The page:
WHAT’S BEING CLAIMED:
- A New York High school student has been denied of her request to start a Christian club at her school, because such groups are not welcomed by the school.
- According to 14-year-old Daniela Barca who lodged her application to the assistant principal after being denied by the principal, she was told that the club should be more nonspecific in nature and not only for Christians.
- But the school’s rejection of Barca’s request violates the Equal Access Act which states that religious clubs should be given equal rights and access as other non-curricular clubs.
A high school in New York is rejecting an application from a freshman student to form a student organization due to its religious nature.
Since last summer, Ketcham High School student Daniela Barca, 14, has repeatedly requested to form a Christian club at her school to provide a safe space for fellow Christians to meet and support each other in their beliefs.
“Sometimes I feel like I’m the only Christian at my school and I thought others might feel the same way. I hope the superintendent lets me start the club and does whatever it takes to make sure religious clubs are treated like all the other clubs,” said Barca in a statement.
But when she gave the required application after school started, Barca said the principal said no telling her that a religious club just like other secular clubs is not supported and welcomed by the school.
Barca with the help of her father then appealed to the assistant principal, who advised them that if the club will not limit its viewpoint only to the Christian Faith, but modify it to something more “generic”, then the group could not be accepted in the school system.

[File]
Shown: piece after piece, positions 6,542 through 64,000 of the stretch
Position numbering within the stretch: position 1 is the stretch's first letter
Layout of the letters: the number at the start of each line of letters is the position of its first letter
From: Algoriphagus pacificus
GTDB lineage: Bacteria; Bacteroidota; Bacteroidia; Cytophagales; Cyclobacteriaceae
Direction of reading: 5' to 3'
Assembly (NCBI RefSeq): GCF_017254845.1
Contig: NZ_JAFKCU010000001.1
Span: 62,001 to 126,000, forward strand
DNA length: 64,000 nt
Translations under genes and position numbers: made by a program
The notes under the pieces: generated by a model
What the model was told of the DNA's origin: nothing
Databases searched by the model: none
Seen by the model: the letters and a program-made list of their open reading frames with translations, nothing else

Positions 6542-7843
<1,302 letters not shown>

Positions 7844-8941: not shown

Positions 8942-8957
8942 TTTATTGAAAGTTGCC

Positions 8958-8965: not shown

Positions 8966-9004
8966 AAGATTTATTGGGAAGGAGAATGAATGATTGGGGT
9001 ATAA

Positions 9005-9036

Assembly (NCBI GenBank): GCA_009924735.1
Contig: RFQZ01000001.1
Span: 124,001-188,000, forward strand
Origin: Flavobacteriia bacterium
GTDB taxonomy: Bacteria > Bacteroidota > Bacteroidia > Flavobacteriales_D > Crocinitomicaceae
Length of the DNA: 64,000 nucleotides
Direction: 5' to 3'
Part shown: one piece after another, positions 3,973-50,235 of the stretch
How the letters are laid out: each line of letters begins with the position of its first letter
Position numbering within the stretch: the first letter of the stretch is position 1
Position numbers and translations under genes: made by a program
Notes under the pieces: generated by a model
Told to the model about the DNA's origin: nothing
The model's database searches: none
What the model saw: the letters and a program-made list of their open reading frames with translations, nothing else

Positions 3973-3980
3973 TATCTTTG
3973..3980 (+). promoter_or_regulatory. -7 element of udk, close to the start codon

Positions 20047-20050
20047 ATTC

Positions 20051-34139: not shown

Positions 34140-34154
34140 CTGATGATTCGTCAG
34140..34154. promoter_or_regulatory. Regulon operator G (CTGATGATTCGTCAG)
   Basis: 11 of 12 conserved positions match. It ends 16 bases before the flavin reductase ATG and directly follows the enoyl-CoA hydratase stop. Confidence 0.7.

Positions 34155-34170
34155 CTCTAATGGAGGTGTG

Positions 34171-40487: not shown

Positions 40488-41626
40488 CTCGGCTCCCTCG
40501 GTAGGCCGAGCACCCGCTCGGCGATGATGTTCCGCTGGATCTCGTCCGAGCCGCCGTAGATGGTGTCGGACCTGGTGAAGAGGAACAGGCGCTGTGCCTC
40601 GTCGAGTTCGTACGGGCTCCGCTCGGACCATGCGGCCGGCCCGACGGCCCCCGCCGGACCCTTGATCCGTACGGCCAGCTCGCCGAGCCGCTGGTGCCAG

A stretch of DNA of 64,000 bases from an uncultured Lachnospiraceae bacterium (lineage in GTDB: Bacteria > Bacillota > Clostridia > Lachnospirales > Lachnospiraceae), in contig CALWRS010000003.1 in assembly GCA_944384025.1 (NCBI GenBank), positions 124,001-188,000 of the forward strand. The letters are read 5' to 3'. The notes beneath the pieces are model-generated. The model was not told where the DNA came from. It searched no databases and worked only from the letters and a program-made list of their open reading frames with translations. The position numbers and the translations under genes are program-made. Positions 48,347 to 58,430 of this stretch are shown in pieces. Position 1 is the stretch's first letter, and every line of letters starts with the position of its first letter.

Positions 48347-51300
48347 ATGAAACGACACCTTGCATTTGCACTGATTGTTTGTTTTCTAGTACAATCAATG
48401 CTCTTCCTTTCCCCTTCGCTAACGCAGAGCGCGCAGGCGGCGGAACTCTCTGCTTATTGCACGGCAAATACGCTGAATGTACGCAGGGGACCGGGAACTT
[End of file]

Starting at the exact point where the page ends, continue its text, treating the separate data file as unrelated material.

The school’s repeated rejection of Barca’s request constitutes a “purposeful violation of the Equal Access Act of 1984,” according to a letter sent to the school on Wednesday from Keisha Russell, a lawyer representing Barca, who is from the religious freedom law firm First Liberty Institute.
“As the U.S. Supreme Court explained, religious clubs must be afforded the same recognition, access and rights as other non-curricular clubs,” states First Liberty’s letter to school superintendent Jose Carrion.
Yet despite Barca’s petition that the school was violating her right to Equal Access, all throughout the process, the officials continued to ignore the law and deny her request.
Russell also said that the school officials have for several months engaged in “purposeful, intentional religious discrimination” against Daniela. “We hope this school district ends its clearly unlawful behavior and protects the religious liberty of every student in all its schools,” she said.
On Wednesday night, Superintendent Jose Carrion told Fox News that “the district recognizes the rights of student-initiated, non-curricular groups to organize and meet in accordance with the Equal Access Act.” He further added that the issue is expected to be resolved in accordance with the Equal Access Act.
Source: Fox News